Scheme 3
Reagents and conditions: a) Na2CO3, NaN3, CuI, N,N’-dimethylethylenediamine, DMSO, 85% b) tBuONO, TMSN3, DMSO, 74%

Alternatively, we also sought to obtain a derivative for biological target identification by using a biotin label18 in the form of 11. The synthesis of this labeled compound began by coupling known aminoazide 1219 to 1a using EDC to produce 13 (Scheme 4). The completion of the synthesis of the labeled compound was based on using the biotin propargylamide 15.20 This compound was prepared from the readily available biotin-NHS ester 14 and propargyl amine.21 With both units in hand, a copper-catalyzed cyclization22 between the azide 13 and terminal alkyne 15 resulted in the final biotinylated analogue 17. The use of both the biotinylated analogue 11 and the azide 10 will be the subjects of a separate investigation of cellular targets.

Scheme 4
Reagents and conditions: a) 1a, EDC, DMAP, pyridine, 65% b) propargylamine, DMF, 92% c) 15, CuSO4, sodium ascorbate, acetone, 73%

Biological Activity

The effects of pyrrolinones 1a–g on cholesterol levels in the LSOs in CT60 and CT43 NPC1 mutant CHO cells had been previously assayed using a filipin-based microscopy method.9 Of these compounds, only 1a (labeled as 1a13 in the previous publication)9 exhibited significant reduction of cholesterol accumulated in the lysosomal storage organelles. Using a filipin-based image analysis assay that quantifies cholesterol accumulation in the LSOs (see details in reference 9 for the assay called LSO compartment ratio assay) it had been shown that 1a caused an 80% decrease in fluorescence in CT43 cells and 30% in CT60 cells, at a concentration of 10 µM.9 The analogues 1b–1g showed no corresponding activity. Therefore, 1a was selected for more thorough study.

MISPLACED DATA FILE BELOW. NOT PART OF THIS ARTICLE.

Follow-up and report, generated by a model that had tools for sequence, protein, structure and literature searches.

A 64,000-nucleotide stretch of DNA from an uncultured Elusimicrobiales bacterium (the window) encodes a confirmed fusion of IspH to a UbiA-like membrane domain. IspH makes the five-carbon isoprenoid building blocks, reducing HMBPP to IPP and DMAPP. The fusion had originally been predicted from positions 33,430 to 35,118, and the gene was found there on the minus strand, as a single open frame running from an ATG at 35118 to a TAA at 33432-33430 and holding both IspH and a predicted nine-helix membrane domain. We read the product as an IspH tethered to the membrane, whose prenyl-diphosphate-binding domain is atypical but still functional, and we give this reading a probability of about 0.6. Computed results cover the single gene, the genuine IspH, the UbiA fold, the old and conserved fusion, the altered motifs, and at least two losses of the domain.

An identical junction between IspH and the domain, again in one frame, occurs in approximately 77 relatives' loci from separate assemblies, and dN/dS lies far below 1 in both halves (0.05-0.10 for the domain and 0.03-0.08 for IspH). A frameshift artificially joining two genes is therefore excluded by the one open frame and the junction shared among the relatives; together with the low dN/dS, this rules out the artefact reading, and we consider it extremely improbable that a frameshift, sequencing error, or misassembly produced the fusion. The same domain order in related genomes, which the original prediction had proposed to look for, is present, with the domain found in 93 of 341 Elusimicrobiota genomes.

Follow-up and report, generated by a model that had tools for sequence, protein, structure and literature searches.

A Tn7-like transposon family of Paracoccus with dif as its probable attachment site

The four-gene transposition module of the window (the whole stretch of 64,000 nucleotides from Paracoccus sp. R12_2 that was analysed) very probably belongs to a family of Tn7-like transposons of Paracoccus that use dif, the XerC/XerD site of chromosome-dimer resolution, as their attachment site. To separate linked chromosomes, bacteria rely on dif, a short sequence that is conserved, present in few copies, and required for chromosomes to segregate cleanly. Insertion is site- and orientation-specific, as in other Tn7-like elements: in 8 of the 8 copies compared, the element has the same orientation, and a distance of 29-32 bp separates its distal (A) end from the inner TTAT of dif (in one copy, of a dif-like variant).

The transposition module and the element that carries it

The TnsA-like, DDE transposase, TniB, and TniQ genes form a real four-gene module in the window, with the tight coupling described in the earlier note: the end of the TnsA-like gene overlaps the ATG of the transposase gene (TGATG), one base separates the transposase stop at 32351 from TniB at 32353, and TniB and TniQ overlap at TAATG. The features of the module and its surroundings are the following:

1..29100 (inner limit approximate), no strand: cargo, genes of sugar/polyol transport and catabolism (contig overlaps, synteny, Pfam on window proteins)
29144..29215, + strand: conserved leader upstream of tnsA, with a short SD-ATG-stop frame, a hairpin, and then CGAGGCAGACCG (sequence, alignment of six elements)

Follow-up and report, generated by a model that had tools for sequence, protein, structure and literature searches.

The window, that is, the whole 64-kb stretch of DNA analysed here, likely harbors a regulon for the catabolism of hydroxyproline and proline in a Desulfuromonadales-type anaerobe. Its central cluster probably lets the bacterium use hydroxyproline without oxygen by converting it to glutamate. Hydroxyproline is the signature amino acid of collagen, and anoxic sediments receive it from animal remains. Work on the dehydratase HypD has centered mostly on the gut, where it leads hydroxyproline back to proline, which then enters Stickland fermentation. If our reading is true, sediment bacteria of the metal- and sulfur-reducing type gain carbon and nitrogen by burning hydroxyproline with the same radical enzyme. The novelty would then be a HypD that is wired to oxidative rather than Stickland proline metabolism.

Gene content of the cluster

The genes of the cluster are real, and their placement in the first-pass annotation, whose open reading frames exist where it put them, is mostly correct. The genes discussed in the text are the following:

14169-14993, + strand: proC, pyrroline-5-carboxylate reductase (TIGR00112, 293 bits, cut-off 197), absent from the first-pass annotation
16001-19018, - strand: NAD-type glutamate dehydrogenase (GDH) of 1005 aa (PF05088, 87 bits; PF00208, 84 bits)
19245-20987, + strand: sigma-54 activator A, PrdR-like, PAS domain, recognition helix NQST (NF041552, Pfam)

In particular, the effects of 1a on cholesterol metabolism and transport in CT60 NPC1-defective CHO cells were investigated. In cells with normal sterol trafficking, cholesterol (mostly esterified) is internalized into cells via lipoproteins and delivered to LE/LY, where hydrolysis of cholesteryl esters by lysosomal acid lipase takes place.23 Free cholesterol is then exported from the LE/LY and delivered to the plasma membrane and extracellular acceptors, as well as the endoplasmic reticulum, where cholesterol is esterified by the acyl-coenzyme A:cholesterol acyltransferase (ACAT) and deposited as lipid droplets.24 Cholesterol esters formed by ACAT are then hydrolyzed by cytoplasmic neutral cholesterol ester hydrolases. While low-density lipoprotein (LDL) uptake and its delivery to LE/LY are all normal in NPC-deficient cells, the rate of cholesterol efflux from the LE/LY is severely reduced.25 As a consequence, there is an obstruction in cholesterol trafficking and hence a significant decrease in the homeostatic responses in NPC-deficient cells.

We investigated the effect of 1a on cholesterol efflux and on the uptake of LDL-derived cholesterol in NPC1-deficient cells. We also evaluated the overall levels of cholesteryl ester in the cell and the esterification promoted by ACAT in the presence of this compound. Experimental results, discussed below, are summarized in Figure 3 and Table 1.

Figure 3
Relative increase in cholesterol efflux by 1a in normal (TRVb1, 25RA) and mutant (CT60) CHO cells. Cells were labeled with 1 µCi/ml [3 H]-cholesterol for 24 h and then incubated for 18 h with 10 µM 1a. Efflux was expressed as the radioactivity ...
Table 1
Summary of the effects of 10 µM 1a in NPC1-deficient CT60 cells.

The effect of 1a on LDL internalization was evaluated by quantifying the fluorescence intensity of DiI per cell area, normalized to the mean value of solvent-treated samples. The impact of 1a on esterification by ACAT was estimated by quantifying the incorporation of [14C]-oleic acid into esters per cellular protein content. For solvent-treated cells the mean value was (14 ± 1) pmol cholesteryl-[14C] ester/µg cell protein.26 The effect of 1a on overall cholesteryl ester levels in the cell was determined by GC. The mean value for solvent-treated cells was (0.042 ± 0.004) µg cholesteryl ester/µg cell protein.26 *indicates p<0.02.